Twitter is advising all 330 million users to change their account passwords after a bug logged them in plain text. Although Twitter doesn’t believe that anyone found the passwords or has misused them in any way, the company is still recommending that users change their passwords out of an “abundance of caution.”
According to Twitter’s blog post, the breach occurred because of a flaw in Twitter’s security system. The company is supposed to only store passwords in an encrypted format, known as a “has.” Unfortunately, plaintext passwords were being saved to an internal log file in plain text, raising the possibility that someone could potentially have seen and copied users’ passwords.
If Twitter’s internal investigation is correct, the log file with the plaintext passwords was never exposed externally, which means that the possibility that the file was accessed by malicious actors is low. In this instance, it seems that Twitter discovered the security vulnerability on its own, before anyone had a chance to take advantage.
As ever, it’s a good idea to not only change your password, but also to enable two-factor authentication on your account. Having a second factor of authentication, such as an SMS message with a login code or an Authenticator app, means that just your username and password isn’t enough to log into your account, which makes this kind of vulnerability far less scary.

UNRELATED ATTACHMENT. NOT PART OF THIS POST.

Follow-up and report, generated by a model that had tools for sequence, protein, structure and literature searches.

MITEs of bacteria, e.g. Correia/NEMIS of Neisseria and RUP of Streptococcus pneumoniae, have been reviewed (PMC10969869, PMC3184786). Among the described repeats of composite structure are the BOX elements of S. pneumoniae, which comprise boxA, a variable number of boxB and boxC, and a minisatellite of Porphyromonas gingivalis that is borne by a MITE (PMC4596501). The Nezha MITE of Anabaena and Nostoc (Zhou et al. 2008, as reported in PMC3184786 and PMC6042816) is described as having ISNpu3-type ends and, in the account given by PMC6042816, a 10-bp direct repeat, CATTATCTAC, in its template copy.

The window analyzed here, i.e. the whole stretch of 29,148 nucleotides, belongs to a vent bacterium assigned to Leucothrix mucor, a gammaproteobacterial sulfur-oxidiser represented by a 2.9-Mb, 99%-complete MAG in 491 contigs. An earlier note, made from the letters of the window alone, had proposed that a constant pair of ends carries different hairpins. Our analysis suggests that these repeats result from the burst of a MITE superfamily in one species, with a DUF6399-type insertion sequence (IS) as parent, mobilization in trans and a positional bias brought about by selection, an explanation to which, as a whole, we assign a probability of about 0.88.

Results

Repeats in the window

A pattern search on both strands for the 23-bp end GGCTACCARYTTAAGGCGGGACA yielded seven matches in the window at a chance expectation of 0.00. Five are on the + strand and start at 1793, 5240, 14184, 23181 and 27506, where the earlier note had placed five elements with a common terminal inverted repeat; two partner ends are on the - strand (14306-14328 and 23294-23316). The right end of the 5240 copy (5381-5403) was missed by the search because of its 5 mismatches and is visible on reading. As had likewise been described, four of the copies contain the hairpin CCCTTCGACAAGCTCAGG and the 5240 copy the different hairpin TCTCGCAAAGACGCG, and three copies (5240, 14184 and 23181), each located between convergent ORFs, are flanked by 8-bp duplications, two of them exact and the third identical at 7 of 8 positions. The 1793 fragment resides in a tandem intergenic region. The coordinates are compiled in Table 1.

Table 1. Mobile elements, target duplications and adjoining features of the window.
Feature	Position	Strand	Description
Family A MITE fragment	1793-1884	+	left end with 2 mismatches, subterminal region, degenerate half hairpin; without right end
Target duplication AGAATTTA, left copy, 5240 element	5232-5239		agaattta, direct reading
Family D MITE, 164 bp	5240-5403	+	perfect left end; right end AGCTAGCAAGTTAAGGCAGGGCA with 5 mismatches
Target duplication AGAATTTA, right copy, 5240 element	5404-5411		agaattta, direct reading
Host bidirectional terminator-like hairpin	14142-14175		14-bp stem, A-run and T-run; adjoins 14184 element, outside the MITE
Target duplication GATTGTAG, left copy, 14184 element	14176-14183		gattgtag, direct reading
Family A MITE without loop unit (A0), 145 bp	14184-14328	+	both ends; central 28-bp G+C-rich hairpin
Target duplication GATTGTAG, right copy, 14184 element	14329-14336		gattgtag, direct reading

Twitter’s full explanation for the bug can be found below:
When you set a password for your Twitter account, we use technology that masks it so no one at the company can see it. We recently identified a bug that stored passwords unmasked in an internal log. We have fixed the bug, and our investigation shows no indication of breach or misuse by anyone.
Out of an abundance of caution, we ask that you consider changing your password on all services where you’ve used this password. You can change your Twitter password anytime by going to the password settings page.
About The Bug
We mask passwords through a process called hashing using a function known as bcrypt, which replaces the actual password with a random set of numbers and letters that are stored in Twitter’s system. This allows our systems to validate your account credentials without revealing your password. This is an industry standard.
Due to a bug, passwords were written to an internal log before completing the hashing process. We found this error ourselves, removed the passwords, and are implementing plans to prevent this bug from happening again.